What you see above is a seminal cosmology hero shot, although those of us who were there had no idea that this project would someday create the need for what we now know as the Dark Sector. From left: Mark Dragovan, Bob Pernic, Martin Pomerantz, Robert Pfeiffer, and Tony Stark.
The project (which apparently did not have a catchy acronymic name, unlike most other Pole astrophysical efforts) was located about a mile grid south of the station on the same side of the skiway (remember that there was no Dark Sector on the other side of the skiway). It consisted of a 1.2m offset telescope with a switching scheme connected to two one-pixel (!?) bolometers, which were chilled to 0.3°K with liquid helium. Unlike Marty Pomerantz's EMILIE project of a few years earlier, this time the LHe delivery (2 500 liter dewars) worked flawlessly, but the primary radiometer could not be made to function. So the project failed to detect any CMB anisotropies (which was the goal). Fortunately, Tony Stark had brought along a less sensitive radiometer named "Miss Piggy" which successfully observed sky noise and opacity. Their success encouraged 3 teams to return to CMBR Land for the 1988-89 summer.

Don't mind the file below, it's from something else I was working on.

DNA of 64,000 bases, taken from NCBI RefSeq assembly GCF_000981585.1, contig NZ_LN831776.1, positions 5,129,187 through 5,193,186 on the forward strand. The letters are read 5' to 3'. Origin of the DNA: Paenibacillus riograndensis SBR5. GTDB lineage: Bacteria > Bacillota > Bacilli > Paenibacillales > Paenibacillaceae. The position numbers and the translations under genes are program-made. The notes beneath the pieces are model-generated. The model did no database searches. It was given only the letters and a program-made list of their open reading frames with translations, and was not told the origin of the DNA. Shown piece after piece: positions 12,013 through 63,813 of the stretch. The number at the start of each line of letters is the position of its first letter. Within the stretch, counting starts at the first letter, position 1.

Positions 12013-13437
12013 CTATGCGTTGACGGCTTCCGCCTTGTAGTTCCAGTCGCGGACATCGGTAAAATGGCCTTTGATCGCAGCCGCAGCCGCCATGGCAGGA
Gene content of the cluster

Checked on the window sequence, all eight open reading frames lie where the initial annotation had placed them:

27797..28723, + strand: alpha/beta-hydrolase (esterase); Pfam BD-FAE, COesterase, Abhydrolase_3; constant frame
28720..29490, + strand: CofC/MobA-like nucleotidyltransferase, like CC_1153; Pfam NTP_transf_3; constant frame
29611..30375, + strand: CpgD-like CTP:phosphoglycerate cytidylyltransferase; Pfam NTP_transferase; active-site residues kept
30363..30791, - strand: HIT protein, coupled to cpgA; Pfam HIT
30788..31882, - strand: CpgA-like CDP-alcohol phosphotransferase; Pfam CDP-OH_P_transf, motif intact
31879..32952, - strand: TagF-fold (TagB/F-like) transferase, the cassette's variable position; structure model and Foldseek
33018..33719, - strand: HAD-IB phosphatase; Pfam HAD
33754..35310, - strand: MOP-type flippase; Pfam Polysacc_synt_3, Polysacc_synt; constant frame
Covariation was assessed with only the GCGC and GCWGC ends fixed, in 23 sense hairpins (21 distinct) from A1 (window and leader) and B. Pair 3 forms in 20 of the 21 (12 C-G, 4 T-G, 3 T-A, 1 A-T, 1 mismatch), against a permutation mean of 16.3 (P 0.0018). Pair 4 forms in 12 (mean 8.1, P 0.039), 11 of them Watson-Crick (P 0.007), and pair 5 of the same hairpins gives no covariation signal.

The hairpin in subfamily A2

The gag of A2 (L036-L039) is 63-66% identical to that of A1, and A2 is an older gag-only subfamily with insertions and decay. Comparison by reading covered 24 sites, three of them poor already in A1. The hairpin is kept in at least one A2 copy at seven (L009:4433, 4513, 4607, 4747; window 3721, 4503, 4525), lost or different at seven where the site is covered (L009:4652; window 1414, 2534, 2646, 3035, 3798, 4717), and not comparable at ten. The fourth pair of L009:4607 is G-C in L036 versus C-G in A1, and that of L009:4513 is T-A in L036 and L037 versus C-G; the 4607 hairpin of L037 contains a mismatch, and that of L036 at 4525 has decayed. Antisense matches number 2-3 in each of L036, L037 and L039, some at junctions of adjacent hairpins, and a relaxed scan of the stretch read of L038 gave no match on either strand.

Here's a photograph of the 1.2-meter parabolic primary instrument, along with an as yet unidentified
cosmologist. As you can see, the 1986-87 telescope had no azimuth drive other than the Earth's rotation.
These entire projects were shipped in, erected, calibrated, tested, operated, and then completely dismantled and shipped out, all during the brief summer season, and the resultant short midsummer observing season is the warmest and wettest and thus the worst period of the year. People started to think about setting up permanent experiments.
The group photo at the top of this page appeared in the paper Cosmology from Antarctica by Robert W. Wilson and Anthony A. Stark, presented at a Smithsonian Institution IPY symposium in May 2007; the paper, which outlines the history of cosmological research at Pole, is available here. The photo at the bottom of the page is courtesy of 2006 winterover Denis Barkats, who also co-authored a 2007 paper with John Kovac--another excellent historical record--CMB from the South Pole: past, present and future. Another reference source used here is the late Marty Pomerantz's memoir Astronomy on ice--observing the universe from the South Pole, an American Polar Society book © Martin A. Pomerantz, 2004.